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Archive for 'Vocabulary'

Hebrew Words That Don’t Have a Direct Translation in English: Part 2 Posted by on Sep 27, 2021

In part 1 of this post we discussed three daily words in Hebrew with no direct translation in English. Today we’ll add one more word for the list: חֲבָל. The Hebrew word חֲבָל (pronounced as ha-val) is a useful word to express a variety of emotions. It’s a short word that utters sorrow, disappointment, pity…

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Four Must-Know Hebrew Cooking Verbs Posted by on Sep 13, 2021

Tishrei, the first month in the Hebrew calendar is always busy. It is full of festivals. Four holidays are observed in less than one month: Rosh Hashanah, Yom Kippur, Sukkot, and Simchat Torah. The Jewish New Year begins with Rosh Hashanah Seder – a big family dinner; Yom Kippur is actually a fast day, but…

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Hebrew language Quiz 2021 Posted by on Aug 23, 2021

Learning a second language, any language, is a journey. A journey of ups and downs, a journey in which you sometimes sprint and sometimes stand still. And although it sometimes feels like the destination is far, know that every step brings you forward. Today we will take a little break to summarize up what we…

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Hebrew Family Vocabulary: Part 2 Posted by on Apr 28, 2021

In Part 1 we’ve learned all the words for parents. Today we will learn the words for siblings. The Hebrew word for brother, either younger or older, is אָח, pronounced as ach. The Hebrew word for sister, either younger or older, is אָחוֹת, pronounced as a-chot. For example: יֵשׁ לׅי אָח אֶחָד. I have one…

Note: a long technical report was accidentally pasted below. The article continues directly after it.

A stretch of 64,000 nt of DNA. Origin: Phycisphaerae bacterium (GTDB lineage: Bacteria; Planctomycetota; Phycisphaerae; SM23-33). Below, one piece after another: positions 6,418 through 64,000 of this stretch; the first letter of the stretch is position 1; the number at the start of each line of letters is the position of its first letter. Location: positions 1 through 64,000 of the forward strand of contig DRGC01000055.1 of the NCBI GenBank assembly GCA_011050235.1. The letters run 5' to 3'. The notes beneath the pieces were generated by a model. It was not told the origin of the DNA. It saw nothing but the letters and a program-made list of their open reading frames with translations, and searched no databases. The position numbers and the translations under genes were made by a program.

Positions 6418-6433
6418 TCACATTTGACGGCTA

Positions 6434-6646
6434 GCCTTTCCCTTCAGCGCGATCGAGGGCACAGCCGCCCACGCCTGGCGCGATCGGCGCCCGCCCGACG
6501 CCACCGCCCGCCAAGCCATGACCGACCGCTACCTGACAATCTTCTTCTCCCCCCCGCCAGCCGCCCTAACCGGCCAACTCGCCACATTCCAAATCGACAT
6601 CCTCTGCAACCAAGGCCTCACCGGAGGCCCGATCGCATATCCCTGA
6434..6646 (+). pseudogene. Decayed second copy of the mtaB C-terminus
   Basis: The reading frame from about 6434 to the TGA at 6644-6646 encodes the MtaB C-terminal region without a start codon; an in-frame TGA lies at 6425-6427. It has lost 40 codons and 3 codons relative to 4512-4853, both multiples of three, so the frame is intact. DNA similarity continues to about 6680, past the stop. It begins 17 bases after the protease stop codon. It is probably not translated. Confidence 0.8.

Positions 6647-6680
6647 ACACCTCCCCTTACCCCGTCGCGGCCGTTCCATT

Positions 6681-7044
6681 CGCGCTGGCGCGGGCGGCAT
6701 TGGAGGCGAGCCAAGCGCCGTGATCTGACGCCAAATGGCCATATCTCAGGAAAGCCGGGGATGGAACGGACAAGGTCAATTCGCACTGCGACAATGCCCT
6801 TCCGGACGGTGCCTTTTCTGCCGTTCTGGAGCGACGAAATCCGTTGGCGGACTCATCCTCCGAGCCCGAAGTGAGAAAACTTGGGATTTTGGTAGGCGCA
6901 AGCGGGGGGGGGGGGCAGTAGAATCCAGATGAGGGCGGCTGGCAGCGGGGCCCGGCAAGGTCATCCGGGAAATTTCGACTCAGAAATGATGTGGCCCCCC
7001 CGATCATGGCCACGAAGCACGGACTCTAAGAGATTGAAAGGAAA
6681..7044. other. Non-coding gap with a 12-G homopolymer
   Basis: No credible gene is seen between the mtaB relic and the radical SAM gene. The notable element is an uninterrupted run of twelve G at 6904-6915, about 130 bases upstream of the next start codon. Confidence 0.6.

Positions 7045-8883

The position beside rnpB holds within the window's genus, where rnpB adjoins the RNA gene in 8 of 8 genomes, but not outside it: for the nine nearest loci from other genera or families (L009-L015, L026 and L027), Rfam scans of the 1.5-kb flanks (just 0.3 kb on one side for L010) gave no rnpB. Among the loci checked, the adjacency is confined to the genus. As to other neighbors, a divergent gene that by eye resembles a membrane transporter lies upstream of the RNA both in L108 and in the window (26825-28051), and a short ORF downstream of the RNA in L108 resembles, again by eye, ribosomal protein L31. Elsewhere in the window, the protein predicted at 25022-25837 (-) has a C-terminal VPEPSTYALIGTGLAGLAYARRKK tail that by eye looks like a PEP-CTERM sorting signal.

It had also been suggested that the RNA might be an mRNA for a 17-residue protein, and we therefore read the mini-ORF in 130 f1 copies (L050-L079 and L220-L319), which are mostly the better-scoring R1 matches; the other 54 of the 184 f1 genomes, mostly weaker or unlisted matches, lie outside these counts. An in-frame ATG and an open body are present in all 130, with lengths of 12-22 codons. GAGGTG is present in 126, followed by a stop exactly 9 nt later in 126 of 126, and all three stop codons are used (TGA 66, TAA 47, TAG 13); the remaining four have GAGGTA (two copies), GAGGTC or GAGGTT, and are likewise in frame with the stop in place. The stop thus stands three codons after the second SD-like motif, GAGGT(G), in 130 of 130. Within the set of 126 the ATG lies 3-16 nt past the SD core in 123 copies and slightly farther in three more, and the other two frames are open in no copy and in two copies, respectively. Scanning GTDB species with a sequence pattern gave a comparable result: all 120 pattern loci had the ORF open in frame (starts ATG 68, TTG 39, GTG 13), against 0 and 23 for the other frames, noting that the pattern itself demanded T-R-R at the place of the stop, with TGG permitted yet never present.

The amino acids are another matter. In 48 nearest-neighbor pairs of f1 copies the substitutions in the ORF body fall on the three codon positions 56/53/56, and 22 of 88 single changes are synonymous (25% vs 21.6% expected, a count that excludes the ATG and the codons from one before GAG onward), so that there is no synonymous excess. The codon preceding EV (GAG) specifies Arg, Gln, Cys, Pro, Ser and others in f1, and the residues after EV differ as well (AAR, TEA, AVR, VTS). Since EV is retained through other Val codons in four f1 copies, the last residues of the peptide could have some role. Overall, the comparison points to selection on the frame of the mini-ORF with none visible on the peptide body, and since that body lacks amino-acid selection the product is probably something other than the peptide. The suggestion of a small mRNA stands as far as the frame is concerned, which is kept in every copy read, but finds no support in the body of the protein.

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Hebrew Adjectives Posted by on Apr 12, 2021

An abundance of adjectives enriches our tongue, and expands our expression skills. Here are 8 pairs of basic Hebrew antonyms, 16 adjectives in total, to describe objects and people.   עַל הַמְּחַנֵּךְ לְלַמֵּד אֶת הַיְּלָדִים לְהַבְחִין בֵּין טוֹב לְרַע. The educator must teach the children to distinguish between right and wrong. הִיא יַלְדָּה טוֹבָה. She’s…

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Hebrew Words for Entry and Exit Posted by on Mar 22, 2021

The Hebrew words for entrance and exit are both feminine. They both end with the feminine suffix – the letter ה: When talking about a specific entry or exit, we use the singular feminine demonstrative pronoun זוֹ (pronounced as zo), or זוֹהִי (pronounced as zo-i). For example: לַבִּנְיָן שְׁתֵי כְּנׅיסוֺת, זוֹהִי הַכְּנִיסָה הָרָאשִׁית. The building…

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